The name Frank Lloyd Wright is all but synonymous with the Prairie School style of architecture. A few years after he founded a practice in Oak Park in 1893, the iconic architect looked to move beyond the styles of old Europe and pioneered a new approach.
With what later would be called Prairie style was a striking design philosophy that tried to evoke the expansive Midwestern landscape by creating homes featuring open floor plans, lots of horizontal lines, flat roofs with overhanging eaves, and minimal ornamentation.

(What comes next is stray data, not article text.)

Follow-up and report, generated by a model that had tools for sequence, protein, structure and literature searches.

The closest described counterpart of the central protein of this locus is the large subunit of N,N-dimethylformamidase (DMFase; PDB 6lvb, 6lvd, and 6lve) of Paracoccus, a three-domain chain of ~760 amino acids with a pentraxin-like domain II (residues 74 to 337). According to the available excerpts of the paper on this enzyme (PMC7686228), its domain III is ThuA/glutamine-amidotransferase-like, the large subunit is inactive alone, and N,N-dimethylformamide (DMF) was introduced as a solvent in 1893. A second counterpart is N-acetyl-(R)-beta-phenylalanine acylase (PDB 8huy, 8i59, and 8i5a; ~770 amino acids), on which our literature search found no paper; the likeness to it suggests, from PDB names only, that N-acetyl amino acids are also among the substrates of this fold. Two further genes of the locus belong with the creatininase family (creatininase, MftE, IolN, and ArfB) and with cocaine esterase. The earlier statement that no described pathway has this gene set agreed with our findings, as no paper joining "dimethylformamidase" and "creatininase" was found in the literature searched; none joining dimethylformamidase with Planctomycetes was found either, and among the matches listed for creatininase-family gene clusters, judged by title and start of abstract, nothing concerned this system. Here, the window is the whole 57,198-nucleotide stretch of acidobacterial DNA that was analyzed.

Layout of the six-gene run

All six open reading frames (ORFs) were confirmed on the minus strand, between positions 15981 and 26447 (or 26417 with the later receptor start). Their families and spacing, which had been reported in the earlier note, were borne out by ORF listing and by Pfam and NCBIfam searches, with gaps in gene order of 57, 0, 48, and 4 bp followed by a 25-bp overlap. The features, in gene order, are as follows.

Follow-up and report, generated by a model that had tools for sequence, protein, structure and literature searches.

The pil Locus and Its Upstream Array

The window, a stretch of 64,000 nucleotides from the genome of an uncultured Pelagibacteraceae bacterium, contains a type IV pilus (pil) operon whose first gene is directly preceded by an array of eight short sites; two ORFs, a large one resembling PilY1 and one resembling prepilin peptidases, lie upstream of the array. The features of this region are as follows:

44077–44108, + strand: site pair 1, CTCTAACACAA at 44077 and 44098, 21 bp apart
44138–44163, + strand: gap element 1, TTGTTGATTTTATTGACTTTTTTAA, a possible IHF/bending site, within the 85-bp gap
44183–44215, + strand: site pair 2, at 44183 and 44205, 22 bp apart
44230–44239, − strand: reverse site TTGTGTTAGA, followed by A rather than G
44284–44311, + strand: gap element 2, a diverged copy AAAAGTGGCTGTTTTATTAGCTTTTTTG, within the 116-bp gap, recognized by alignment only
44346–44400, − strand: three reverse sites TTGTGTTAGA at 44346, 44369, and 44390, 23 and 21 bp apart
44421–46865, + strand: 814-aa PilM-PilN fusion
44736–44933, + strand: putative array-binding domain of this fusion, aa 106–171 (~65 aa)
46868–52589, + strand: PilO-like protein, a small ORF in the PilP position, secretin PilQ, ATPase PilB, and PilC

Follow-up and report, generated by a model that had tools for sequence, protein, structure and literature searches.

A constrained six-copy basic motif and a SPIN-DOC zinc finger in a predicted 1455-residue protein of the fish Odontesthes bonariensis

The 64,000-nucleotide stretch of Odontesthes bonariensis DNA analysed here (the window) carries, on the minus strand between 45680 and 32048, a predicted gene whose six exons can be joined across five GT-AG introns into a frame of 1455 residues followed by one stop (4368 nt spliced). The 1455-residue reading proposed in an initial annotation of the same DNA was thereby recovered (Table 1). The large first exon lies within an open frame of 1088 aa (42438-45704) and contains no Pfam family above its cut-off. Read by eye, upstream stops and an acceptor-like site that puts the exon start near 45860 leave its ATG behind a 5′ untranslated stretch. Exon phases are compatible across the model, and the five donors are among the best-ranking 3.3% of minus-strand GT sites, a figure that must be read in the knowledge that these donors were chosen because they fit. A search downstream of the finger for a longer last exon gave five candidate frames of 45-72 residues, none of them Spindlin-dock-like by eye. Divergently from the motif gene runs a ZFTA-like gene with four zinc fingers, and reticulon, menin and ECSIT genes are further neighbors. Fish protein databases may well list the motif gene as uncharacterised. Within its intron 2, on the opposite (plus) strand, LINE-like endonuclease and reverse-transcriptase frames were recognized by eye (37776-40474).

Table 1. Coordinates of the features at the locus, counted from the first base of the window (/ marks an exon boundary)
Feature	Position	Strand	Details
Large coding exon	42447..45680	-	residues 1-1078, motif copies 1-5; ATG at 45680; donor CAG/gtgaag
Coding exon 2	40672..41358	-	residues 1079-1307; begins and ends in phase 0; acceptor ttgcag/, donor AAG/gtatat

But Wright didn’t work in a vacuum. Soon a pioneering group of Midwestern architects—some of the associates of Wright or his mentor Louis Sullivan— adopted elements of the new style. Architects such as Dwight Perkins, William E. Drummond, and George Maher expanded upon the new palette of designs and would eventually be known as the Prairie School (though Wright himself referred to it as “The New School of the Middle West”).
For Prairie School fans looking for a tour of Chicago structures designed by architects not named Frank Lloyd Wright, we’ve mapped 10 of them.Read More